Entanglers: Beam Splitters and Thermal Fields

  1. Dr. Dietrich Papenfuß2,
  2. Professor Dr. Dieter Lüst3 and
  3. Professor Dr. Wolfgang P. Schleich4
  1. Myung Shik Kim

Published Online: 29 NOV 2007

DOI: 10.1002/9783527610853.ch31

100 Years Werner Heisenberg: Works and Impact

100 Years Werner Heisenberg: Works and Impact

How to Cite

Kim, M. S. (2002) Entanglers: Beam Splitters and Thermal Fields, in 100 Years Werner Heisenberg: Works and Impact (eds D. Papenfuß, D. Lüst and W. P. Schleich), Wiley-VCH Verlag GmbH & Co. KGaA, Weinheim, Germany. doi: 10.1002/9783527610853.ch31

Editor Information

  1. 2

    Alexander von Humboldt-Stiftung, Bonn, Germany

  2. 3

    Humboldt Universität, Institut für Physik, Germany

  3. 4

    Universität Ulm, Abteilung f. Quantenphysik, Albert-Einstein-Allee 11, 89069 Ulm, Germany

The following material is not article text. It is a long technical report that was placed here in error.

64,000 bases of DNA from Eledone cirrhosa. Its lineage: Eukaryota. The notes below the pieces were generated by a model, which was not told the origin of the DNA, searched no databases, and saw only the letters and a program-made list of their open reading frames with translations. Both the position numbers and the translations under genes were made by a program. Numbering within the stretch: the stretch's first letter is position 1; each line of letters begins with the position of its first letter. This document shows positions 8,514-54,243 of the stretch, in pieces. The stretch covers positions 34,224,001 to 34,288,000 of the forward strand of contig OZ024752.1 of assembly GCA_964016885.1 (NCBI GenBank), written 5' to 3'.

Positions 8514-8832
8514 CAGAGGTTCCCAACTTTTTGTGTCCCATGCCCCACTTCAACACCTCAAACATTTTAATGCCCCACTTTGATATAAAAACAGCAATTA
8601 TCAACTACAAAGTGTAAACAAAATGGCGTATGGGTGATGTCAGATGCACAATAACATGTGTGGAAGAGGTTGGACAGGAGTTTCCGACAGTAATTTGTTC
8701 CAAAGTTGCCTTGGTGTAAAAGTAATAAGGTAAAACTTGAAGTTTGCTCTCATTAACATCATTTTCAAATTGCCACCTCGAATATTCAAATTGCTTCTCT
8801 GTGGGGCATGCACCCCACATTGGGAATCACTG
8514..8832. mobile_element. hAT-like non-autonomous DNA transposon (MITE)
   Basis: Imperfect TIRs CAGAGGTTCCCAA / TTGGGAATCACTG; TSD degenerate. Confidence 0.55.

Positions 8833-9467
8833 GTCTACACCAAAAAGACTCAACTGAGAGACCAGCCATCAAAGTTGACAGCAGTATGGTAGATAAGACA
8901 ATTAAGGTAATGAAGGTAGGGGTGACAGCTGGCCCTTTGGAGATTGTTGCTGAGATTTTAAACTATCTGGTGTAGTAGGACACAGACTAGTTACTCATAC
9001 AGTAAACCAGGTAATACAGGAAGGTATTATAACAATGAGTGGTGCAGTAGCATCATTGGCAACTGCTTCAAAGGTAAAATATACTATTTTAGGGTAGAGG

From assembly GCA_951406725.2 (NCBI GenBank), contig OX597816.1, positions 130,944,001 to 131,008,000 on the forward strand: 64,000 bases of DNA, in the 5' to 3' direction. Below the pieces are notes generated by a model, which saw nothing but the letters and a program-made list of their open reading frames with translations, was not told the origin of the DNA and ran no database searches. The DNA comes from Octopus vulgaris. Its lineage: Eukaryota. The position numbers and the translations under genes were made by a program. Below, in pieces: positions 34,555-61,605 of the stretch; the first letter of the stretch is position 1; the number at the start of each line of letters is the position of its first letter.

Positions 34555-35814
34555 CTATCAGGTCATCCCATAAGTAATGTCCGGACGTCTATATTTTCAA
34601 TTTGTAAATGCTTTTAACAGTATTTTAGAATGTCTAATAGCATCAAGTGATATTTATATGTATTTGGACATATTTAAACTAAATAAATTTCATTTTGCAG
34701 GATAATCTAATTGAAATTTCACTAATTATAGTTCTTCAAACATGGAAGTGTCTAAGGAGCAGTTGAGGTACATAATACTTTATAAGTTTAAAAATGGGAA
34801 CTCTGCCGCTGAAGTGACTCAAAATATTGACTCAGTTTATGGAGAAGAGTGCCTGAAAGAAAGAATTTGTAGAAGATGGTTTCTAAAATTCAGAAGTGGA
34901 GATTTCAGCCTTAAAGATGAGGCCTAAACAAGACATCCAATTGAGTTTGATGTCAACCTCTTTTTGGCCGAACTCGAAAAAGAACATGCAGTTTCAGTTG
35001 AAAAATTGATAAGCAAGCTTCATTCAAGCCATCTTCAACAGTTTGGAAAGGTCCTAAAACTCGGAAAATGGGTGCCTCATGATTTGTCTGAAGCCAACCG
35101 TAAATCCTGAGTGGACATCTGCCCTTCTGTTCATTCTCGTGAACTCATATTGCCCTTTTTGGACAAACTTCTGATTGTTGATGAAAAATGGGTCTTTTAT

Author Information

  1. Sir David Bates Building, School of Mathematics and Physics, Queen's University, Belfast, BT7 1NN, UK

Publication History

  1. Published Online: 29 NOV 2007
  2. Published Print: 27 AUG 2002

ISBN Information

Print ISBN: 9783527403929

Online ISBN: 9783527610853

SEARCH

Keywords:

  • quantum physics;
  • entanglers;
  • beam splitters;
  • thermal fields

Summary

Entanglement is an important ingredient for quantum information processing. We discuss some sources of entanglement, namely a beam splitter and a thermal field. For the generation of entangled continuous-variable states, we consider a beam splitter and find some conditions for input fields to see entanglement in the output. While a beam splitter is a unitary device to generate an entangled state for a bipartite continuous-variable system, a thermal field is shown to mediate entanglement of two qubits.